Interesting Argument about Property
Scott over at Catallarchy has an interesting post on property rights. Obviously, fundamental rights, including (especially?) those involving property are very close the cornerstone of libertarian claims about the good society.
There are two sorts of arguments, as Scott notes. One is the purely moral claim, that rights are natural, or have some other basis that means that they must be respected. The second is consequentialist.
The more hardened members of the American left, perhaps represented best by the members of the Critical Legal Studies movement, have developed a variety of surprisingly powerful arguments against libertarianism and classical liberalism proper. Whereas their forebears, such as Robert Hale and other legal realists, attacked the the philosophy of classical liberalism on more moral grounds, the critical legal scholars have aimed their attacks at a new defensive libertarian mantra, the consequentialist argument, often given voice by practitioners of Posnerian Law and Economics.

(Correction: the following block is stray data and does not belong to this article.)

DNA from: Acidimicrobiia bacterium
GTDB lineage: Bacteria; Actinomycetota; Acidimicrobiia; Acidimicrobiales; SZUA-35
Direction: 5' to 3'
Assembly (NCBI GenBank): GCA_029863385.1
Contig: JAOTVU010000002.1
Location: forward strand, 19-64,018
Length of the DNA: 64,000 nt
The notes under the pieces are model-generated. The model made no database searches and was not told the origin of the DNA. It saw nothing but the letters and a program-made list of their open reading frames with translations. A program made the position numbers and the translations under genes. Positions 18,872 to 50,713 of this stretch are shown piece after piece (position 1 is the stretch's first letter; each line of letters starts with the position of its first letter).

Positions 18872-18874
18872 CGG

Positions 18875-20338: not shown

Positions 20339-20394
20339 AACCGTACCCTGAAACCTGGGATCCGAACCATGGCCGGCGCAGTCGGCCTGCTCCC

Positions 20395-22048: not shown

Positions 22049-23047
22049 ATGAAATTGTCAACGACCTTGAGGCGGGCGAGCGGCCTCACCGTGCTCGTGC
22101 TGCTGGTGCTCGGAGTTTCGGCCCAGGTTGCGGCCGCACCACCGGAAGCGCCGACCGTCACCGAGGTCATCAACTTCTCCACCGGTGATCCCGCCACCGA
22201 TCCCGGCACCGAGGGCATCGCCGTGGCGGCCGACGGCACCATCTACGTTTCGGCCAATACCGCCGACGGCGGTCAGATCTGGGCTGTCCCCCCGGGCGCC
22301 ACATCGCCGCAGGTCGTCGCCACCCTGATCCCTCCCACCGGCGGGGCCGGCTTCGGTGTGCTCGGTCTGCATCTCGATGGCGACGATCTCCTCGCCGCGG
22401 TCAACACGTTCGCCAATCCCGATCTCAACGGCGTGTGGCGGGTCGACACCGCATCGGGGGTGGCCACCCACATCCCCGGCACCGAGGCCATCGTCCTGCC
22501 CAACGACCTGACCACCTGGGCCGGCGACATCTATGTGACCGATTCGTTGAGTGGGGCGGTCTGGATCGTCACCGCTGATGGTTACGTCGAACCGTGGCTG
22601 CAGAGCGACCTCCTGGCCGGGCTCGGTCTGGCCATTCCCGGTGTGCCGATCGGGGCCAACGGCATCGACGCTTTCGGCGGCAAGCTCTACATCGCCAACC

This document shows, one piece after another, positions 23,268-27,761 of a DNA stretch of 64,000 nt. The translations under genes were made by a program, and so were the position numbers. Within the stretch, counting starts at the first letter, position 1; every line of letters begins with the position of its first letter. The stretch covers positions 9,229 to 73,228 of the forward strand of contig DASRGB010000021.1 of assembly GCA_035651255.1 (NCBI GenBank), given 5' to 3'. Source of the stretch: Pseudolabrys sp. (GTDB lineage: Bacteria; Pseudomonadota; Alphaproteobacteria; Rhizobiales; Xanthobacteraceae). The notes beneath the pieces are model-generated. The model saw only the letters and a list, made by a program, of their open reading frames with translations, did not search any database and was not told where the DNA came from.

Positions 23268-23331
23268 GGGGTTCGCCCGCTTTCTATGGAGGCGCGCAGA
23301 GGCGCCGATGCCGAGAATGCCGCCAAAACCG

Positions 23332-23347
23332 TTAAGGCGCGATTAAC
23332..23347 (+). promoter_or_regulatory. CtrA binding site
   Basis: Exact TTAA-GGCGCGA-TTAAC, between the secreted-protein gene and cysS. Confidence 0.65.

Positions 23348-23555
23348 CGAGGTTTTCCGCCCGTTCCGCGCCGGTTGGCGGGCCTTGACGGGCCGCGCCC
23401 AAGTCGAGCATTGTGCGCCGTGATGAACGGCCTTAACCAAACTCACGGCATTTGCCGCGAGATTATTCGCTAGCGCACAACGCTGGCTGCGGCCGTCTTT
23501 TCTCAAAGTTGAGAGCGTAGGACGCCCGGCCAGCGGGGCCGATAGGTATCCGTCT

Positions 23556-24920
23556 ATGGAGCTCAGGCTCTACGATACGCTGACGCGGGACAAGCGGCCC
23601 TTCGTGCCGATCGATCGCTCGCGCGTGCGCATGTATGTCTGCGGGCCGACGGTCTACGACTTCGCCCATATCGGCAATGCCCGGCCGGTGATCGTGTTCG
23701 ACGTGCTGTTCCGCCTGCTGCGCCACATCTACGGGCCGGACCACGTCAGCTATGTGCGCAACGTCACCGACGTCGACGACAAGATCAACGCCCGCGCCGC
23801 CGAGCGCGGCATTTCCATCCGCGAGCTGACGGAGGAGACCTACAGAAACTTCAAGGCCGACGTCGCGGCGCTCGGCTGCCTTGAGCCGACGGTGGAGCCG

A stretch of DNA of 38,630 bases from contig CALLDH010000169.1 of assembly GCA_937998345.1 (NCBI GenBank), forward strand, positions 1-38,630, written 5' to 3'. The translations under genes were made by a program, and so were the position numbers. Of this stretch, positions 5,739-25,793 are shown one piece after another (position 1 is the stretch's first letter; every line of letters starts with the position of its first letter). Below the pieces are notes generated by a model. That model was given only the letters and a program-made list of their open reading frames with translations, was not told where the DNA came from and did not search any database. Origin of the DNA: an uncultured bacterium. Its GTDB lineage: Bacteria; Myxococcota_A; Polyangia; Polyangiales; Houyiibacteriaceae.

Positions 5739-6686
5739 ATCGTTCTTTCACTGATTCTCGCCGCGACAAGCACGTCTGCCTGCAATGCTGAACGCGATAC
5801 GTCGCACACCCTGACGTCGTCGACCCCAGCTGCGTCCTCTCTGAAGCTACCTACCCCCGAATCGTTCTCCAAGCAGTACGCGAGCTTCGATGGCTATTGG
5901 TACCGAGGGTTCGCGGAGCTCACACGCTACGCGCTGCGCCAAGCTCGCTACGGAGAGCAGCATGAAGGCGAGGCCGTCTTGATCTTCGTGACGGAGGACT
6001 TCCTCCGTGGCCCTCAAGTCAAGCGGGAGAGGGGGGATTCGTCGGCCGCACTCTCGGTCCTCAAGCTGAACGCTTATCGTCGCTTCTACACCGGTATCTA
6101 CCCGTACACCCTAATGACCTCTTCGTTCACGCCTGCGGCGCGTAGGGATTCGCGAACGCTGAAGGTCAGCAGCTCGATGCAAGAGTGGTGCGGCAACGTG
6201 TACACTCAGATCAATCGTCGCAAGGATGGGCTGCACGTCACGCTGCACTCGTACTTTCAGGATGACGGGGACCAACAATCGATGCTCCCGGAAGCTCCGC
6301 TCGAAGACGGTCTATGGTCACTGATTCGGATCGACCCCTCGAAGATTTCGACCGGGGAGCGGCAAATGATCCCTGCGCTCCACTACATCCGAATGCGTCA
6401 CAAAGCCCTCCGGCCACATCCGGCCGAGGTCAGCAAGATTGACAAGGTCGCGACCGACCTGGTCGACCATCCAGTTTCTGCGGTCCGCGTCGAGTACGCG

I have always had some mishmash of these two beliefs (except when I was an idiot Maoist, of course).
What do you think of Scott's argument? ATSRTWT